Many of us that struggle to find enough time to dedicate to training wonder how best to develop our VO2 max, given busy lives and tight schedules ('VO2 max' is shorthand for maximal oxygen uptake, a standard measure of aerobic fitness). In actual fact about 50% of our VO2 maximum is innate i.e. it's based on our own genetics… so you're to some extent blessed with being born relatively fit, or rather less so. That however does mean that the remaining 50% is in essence entirely up to you!
Recently the New York Times published an interesting piece on the 'single best exercise' - if you could do just one exercise to achieve the best level of personal fitness.. what should it be? Well, if only it were quite that easy! One sports science expert noted: "Ask a dozen physiologists which exercise is best, and you’ll get a dozen wildly divergent replies. “Trying to choose” a single best exercise is “like trying to condense the entire field” of exercise science, said Dr. Martin Gibala, of the kinesiology department at McMaster University in Canada.
Recently, in the debate as to the most time-effective way to improve VO2 max (given a limited amount of time to devote to training, what's the smartest, quickest way to get a boost to your fitness level) attention has turned to efficiency in training.
So, what is the best return on your investment time-wise? Traditionally the thinking was that you needed to go on lengthy runs to make the most improvement, but now the approach of certain experts is more toward high intensity bursts of more demanding exercise (interval training of a high intensity). High-intensity interval training (HIIT - sometimes also referred to as 'HIT') describes physical exercise that is characterized by brief, intermittent bursts of vigorous activity, interspersed by periods of rest or low-intensity exercise. The latest research appears to back up the idea that this exercise can prove especially effective.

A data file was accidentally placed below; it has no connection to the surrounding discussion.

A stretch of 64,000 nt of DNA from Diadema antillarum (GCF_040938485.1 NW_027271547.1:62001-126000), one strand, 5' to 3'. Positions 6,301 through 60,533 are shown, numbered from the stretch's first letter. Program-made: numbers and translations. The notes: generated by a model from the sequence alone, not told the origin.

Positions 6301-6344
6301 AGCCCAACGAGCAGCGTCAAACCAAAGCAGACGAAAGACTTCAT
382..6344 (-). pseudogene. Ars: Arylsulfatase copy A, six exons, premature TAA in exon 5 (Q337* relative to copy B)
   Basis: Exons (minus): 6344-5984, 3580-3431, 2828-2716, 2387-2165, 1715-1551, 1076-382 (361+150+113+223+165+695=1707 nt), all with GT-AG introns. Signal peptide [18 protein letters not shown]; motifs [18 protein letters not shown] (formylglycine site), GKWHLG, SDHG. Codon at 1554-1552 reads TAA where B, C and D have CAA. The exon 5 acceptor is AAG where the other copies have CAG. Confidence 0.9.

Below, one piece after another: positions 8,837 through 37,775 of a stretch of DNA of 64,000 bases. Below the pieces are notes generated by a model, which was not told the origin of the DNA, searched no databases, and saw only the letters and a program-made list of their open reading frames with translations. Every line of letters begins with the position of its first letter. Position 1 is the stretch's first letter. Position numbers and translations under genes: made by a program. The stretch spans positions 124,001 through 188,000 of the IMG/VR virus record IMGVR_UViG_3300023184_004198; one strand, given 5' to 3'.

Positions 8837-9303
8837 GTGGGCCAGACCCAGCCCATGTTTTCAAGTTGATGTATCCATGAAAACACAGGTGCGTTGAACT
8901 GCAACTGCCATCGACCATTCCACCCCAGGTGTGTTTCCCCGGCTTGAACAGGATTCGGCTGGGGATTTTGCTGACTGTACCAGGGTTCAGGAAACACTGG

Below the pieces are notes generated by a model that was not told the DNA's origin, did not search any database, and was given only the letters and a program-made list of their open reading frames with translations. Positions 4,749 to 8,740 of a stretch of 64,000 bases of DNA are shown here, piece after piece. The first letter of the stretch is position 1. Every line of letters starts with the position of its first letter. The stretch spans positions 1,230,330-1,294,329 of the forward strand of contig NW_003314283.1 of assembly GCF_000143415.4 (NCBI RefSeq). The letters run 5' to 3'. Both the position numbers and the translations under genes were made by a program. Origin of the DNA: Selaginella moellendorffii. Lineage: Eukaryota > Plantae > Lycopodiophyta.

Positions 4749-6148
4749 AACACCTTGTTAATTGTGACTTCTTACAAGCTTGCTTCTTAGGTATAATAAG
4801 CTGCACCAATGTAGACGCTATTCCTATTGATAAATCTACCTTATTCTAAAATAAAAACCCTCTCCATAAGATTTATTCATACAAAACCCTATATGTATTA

Runner's World also published a good article on the concept - 'Train less for better results'. Too good to be true? Well, research does seem to indicate that HIIT has specific benefits. The Guardian also wrote on the discovery by Heriot-Watt University in Edinburgh that after just two weeks of HIIT previously sedentary men experienced considerable health gains. Bare in mind, though, that you should be careful when exercising at a high intensity level not to push yourself too far and, as always, be mindful of avoiding injury. Another key finding in sports medicine has been the need to stick with your fitness programme. You should focus then on regular workouts, even if you don’t spend a lot of time exercising. The good news is that the health benefits of participating in an activity, even when short, follow a breathtakingly steep curve, and you'll certainly notice the benefits from a regular commitment to exercise!
Most of us like achieving a challenge, be it big or small. As a runner much of the time the goal is centred around a time, pace or distance. However for a mountain marathon there is a lot more to consider. In 2009 I wanted to run the Everest Marathon, and the main goals for this event is to reach Everest Basecamp healthy and acclimitised.
Read my top tips on trail running at altitude some of which are featured in this months 'Trail Running Magazine' attached.
Everest Marathon Race Tips
- Leave home healthy & well rested. Being run down or overtrained before you leave home will mean you are more likely to pick up a bug in the plane or in country.